I love how most stock brokerages have moved to zero commissions. This allows investors to dollar cost average in on a daily basis if needed. When I was in high school it cost $10 to buy and sell on TD Ameritrade. So, from a practical standpoint, I felt obligated to invest $500 or more. I wanted to feel like I was getting value for my trades. Nowadays, most brokers are commission free and earn their revenues instead from order flows and other services. I recently began acquiring shares of T. Rowe Price (TROW) in January. And I’ve been buying a share here and there, improving my cost basis as share prices have fallen. Had this been 2009, I’d be down far more on this position. Averaging in going forward will further improve my cost basis and add more shares at a juicy 4%+ dividend yield.
For those who are unfamiliar with TROW, the company is a global investment management firm. The firm was founded by Thomas Rowe Price, the father of growth stock investing. TROW is focused on active management investing rather than passive. For instance, buying Vanguard’s VOO would be passive as it carries a lower expense ratio and tracks an index. Like others in its class, TROW earns its revenue by charging fees on their assets under management. This is precisely why the stock is falling. As the stock market falls, assets under management also falls. Furthermore, investors get spooked in down markets, leading to capital outflow. This further exacerbates the issues asset managers face in down markets.
In this case I believe the valuation more than makes up for the risk. Investors get overly pessimistic in times like these, leading great companies like TROW to get unfairly punished. The company is down almost 50% from its record high set in 2021. TROW has a dividend yield of 4.24%, a payout ratio of 36%, a P/E of 9, triple the revenue it had 10 years ago, and almost no debt. Yes, you read that right! No long-term debt with $4.5 billion in cash and investments. Therefore, while it is widely expected for earnings to decline in the short-run, the future looks bright. If you have no debt, then it is pretty hard to go bankrupt. With very little capital expenditures, the company has the ability to pay most of its free cash flow back to shareholders.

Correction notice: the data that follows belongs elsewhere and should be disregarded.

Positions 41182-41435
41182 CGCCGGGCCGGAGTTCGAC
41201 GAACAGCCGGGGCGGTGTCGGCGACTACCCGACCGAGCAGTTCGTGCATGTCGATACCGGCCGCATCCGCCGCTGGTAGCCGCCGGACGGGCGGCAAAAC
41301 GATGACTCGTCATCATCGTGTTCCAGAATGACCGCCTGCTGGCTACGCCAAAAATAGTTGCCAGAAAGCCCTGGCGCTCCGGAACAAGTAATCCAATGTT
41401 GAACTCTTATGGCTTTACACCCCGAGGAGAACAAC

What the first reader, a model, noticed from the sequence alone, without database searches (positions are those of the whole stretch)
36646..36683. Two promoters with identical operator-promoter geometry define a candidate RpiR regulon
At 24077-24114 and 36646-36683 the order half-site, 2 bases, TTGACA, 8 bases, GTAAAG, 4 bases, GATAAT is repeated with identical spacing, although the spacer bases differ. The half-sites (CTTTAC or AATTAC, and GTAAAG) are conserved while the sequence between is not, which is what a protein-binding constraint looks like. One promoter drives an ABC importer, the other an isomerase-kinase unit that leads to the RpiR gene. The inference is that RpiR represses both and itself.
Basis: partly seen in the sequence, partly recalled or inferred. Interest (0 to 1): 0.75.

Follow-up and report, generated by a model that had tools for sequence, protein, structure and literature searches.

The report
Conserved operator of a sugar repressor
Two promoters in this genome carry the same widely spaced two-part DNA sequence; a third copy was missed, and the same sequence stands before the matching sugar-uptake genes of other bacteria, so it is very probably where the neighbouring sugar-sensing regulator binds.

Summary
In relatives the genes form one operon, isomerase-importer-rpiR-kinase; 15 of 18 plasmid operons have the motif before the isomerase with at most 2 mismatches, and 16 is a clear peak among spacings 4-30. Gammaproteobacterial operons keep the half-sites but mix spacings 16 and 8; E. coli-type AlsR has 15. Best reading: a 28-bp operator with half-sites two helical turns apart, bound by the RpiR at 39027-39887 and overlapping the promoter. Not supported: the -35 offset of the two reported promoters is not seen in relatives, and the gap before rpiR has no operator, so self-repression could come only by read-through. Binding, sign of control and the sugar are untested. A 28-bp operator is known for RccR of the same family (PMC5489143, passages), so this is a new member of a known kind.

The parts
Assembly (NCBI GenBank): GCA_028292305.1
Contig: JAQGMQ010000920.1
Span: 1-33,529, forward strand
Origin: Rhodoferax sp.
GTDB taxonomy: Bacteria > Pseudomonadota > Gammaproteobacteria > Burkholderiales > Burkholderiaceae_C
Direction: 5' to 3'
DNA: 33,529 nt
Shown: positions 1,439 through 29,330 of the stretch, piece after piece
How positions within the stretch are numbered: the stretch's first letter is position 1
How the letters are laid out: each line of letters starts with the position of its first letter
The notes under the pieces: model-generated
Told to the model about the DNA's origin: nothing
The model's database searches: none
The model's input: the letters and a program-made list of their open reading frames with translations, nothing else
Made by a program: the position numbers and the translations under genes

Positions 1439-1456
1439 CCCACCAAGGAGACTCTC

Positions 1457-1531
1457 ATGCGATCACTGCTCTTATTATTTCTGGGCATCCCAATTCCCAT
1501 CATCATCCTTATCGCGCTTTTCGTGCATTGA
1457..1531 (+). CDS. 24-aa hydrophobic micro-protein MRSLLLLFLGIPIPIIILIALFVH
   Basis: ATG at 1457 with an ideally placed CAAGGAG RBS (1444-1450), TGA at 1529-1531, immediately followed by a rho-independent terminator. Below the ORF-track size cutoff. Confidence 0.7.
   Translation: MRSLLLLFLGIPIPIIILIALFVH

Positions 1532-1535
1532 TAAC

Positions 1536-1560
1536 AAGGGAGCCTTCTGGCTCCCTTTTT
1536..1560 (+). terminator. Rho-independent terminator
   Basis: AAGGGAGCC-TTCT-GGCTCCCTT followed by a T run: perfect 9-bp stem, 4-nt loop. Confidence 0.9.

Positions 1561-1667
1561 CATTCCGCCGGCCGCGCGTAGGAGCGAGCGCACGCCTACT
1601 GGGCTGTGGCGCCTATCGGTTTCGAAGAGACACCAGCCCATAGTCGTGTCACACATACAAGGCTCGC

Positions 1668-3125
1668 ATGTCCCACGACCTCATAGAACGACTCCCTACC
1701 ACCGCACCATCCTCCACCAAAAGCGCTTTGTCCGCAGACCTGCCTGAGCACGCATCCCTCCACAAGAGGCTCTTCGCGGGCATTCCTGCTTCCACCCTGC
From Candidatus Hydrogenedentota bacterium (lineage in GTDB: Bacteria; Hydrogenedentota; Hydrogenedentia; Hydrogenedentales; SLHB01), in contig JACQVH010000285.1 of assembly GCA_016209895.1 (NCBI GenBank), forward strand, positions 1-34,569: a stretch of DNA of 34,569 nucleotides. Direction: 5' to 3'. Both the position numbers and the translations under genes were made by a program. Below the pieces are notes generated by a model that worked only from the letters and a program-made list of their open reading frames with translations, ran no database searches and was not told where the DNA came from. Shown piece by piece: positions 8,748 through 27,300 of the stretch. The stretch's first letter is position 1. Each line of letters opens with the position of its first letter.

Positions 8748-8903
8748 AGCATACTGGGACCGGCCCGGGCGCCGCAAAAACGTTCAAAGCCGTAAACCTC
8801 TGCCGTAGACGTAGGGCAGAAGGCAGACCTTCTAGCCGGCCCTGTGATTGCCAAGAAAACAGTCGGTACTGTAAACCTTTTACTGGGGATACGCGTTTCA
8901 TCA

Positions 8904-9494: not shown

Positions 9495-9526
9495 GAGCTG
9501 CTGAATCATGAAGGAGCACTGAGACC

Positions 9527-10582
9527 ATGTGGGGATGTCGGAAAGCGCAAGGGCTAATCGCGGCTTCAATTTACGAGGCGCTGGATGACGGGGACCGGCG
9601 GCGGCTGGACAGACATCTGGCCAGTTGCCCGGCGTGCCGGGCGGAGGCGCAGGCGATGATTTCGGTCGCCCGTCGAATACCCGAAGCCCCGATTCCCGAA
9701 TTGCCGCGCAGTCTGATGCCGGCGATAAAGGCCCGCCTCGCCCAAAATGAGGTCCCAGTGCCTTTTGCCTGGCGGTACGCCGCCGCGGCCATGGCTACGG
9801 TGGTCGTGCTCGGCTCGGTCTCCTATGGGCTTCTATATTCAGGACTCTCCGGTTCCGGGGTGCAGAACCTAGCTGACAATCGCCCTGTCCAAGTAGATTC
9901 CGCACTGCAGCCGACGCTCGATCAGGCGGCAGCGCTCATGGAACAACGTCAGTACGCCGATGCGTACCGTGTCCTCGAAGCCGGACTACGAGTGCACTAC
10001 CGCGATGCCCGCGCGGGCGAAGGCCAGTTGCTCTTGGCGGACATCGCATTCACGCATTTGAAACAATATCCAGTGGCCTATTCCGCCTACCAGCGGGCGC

As mentioned, TROW is an active manager. There has been a stigma developing over such businesses. Active asset managers typically underperform the market. This could be a long-term headwind in addition to falling asset prices. However, the low valuation, strong financials, and high dividend yield help offset this risk. Secular trends like rising global wealth and a growing middle class are boons to asset managers. TROW could be a powerful value stock with significant price appreciation over the next 5 years. Provided the investor can stomach the volatility! I’m currently down 30% on TROW, but plan on adding additional shares. Buying more often should help smooth over risk and provide higher current income in the portfolio. Either way it will be very interesting to see how this plays out! Value stocks are on sale for a reason. They can be scary but could offer above average returns!
I am long on TROW. I am not a licensed investment adviser or tax professional. I am not liable for any losses incurred by any parties. This blog should be viewed for entertainment and/or educational purposes only. Any transactions published are not recommendations to buy or sell any securities. Please consult with an investment professional before making investment decisions.